What is in this article?:
- Alabama legislature to discuss fertilizer regulation
- Agricultural issues
• Agricultural issues discussed at the symposium included restrictions on advertising agri-tourism attractions along roadways; a bill that would affirm the state’s authority to regulate fertilizer; reauthorization of Forever Wild; the economic outlook for Alabama’s forest industry; regulation of Concentrated Animal Feeding Operations; livestock care; and farm labor and immigration. Representatives from Alfa Insurance and the Property and Casualty Insurers Association of America (PCI) also briefed lawmakers on the coastal insurance situation and other legislation that could impact policyholders.
Leaders in the Alabama Legislature predicted tight budgets and immigration would be among the most pressing issues for the upcoming regular session when they gathered in Birmingham to learn more about agriculture and insurance at the 2011 Alfa Symposium.
Senate President Pro Tem Del Marsh, R-Anniston, said he is more encouraged about the education budget after meeting with the Finance Department, but added that the state’s General Fund budget could face proration as high as 15 percent. Despite this challenge, Marsh said he is interested in learning more about what can be done to strengthen Alabama agriculture.
“As you know, we have fewer farmers in the state than ever, and we’ve got to make sure they are protected,” Marsh said. “We have a good agricultural base, and we want to do everything we can to help those individuals.”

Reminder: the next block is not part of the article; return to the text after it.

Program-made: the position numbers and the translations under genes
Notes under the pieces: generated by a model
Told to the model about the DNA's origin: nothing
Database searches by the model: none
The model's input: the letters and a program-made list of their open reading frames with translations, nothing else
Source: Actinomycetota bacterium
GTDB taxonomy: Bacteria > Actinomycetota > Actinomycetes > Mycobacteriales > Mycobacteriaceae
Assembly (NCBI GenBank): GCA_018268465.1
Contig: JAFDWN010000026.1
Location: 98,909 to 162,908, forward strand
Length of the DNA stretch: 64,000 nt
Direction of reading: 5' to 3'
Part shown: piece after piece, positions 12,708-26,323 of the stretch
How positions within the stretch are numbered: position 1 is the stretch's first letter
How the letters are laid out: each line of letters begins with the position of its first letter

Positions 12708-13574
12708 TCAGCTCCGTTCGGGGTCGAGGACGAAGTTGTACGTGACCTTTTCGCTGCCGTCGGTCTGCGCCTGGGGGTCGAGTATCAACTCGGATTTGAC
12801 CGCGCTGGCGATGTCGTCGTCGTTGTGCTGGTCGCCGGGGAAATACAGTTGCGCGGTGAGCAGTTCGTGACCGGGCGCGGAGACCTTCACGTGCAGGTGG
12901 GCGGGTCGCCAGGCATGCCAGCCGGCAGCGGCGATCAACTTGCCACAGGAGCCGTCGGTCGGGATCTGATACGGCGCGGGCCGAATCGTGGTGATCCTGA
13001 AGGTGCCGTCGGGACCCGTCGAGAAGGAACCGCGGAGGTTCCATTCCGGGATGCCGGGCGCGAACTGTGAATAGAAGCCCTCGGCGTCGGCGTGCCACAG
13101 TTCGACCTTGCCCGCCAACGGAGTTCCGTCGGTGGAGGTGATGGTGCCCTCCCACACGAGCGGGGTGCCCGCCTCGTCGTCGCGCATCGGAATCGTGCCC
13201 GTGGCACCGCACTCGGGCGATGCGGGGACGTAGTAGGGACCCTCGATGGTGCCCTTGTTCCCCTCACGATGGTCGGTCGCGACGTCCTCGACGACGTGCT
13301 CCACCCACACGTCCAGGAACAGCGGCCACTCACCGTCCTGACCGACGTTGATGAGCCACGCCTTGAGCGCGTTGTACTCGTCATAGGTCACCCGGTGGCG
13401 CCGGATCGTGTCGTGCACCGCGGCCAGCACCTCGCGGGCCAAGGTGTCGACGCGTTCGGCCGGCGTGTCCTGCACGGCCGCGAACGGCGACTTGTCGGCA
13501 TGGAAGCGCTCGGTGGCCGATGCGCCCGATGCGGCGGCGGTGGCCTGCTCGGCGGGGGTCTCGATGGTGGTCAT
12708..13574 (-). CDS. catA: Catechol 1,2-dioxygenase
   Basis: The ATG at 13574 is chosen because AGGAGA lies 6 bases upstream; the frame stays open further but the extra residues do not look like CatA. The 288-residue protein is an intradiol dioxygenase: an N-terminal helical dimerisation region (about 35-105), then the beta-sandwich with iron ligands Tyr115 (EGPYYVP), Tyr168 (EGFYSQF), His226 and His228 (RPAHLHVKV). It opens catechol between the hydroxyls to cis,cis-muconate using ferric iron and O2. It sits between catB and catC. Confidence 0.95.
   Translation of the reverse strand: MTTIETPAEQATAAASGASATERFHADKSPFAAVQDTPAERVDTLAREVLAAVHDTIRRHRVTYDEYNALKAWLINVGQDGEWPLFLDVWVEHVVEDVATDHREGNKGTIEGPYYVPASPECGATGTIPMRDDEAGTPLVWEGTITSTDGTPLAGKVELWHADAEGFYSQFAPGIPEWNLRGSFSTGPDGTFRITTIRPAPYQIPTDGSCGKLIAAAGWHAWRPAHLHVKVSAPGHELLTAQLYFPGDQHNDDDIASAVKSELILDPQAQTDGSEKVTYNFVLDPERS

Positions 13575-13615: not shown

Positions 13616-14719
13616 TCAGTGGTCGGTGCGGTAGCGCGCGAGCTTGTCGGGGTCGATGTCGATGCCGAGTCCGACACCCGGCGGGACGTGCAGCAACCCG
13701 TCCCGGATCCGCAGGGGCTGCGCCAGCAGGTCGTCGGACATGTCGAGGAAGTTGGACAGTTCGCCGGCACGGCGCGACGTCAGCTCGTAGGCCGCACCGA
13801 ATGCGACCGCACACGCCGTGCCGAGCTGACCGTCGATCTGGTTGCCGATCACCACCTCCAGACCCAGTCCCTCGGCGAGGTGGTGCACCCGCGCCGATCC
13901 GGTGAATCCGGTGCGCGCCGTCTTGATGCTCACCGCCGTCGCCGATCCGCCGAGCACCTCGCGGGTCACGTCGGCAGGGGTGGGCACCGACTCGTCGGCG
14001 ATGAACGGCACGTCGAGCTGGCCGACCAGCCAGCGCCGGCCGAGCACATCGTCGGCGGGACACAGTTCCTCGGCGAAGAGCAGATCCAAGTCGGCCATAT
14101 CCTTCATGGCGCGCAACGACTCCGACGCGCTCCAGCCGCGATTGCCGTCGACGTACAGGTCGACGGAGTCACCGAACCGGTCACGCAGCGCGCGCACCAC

The symposium was a joint effort of the Alabama Farmers Federation and Alfa Insurance. It gave the staff a chance to meet with the leadership of the Senate and House of Representatives, as well as the agriculture and insurance committees in both chambers, to discuss issues that affect members and policyholders.
Brian Hardin, assistant director of the Federation’s Governmental and Agricultural Programs Department, said the meeting was especially valuable following the Nov. 2 general election, which brought sweeping changes to the Alabama Legislature.
“There are a lot of new legislators who we haven’t had the opportunity to talk to about our issues to the extent we would like,” Hardin said. “This symposium is a chance to discuss the issues we anticipate we will be facing not only this year, but in the next few years.”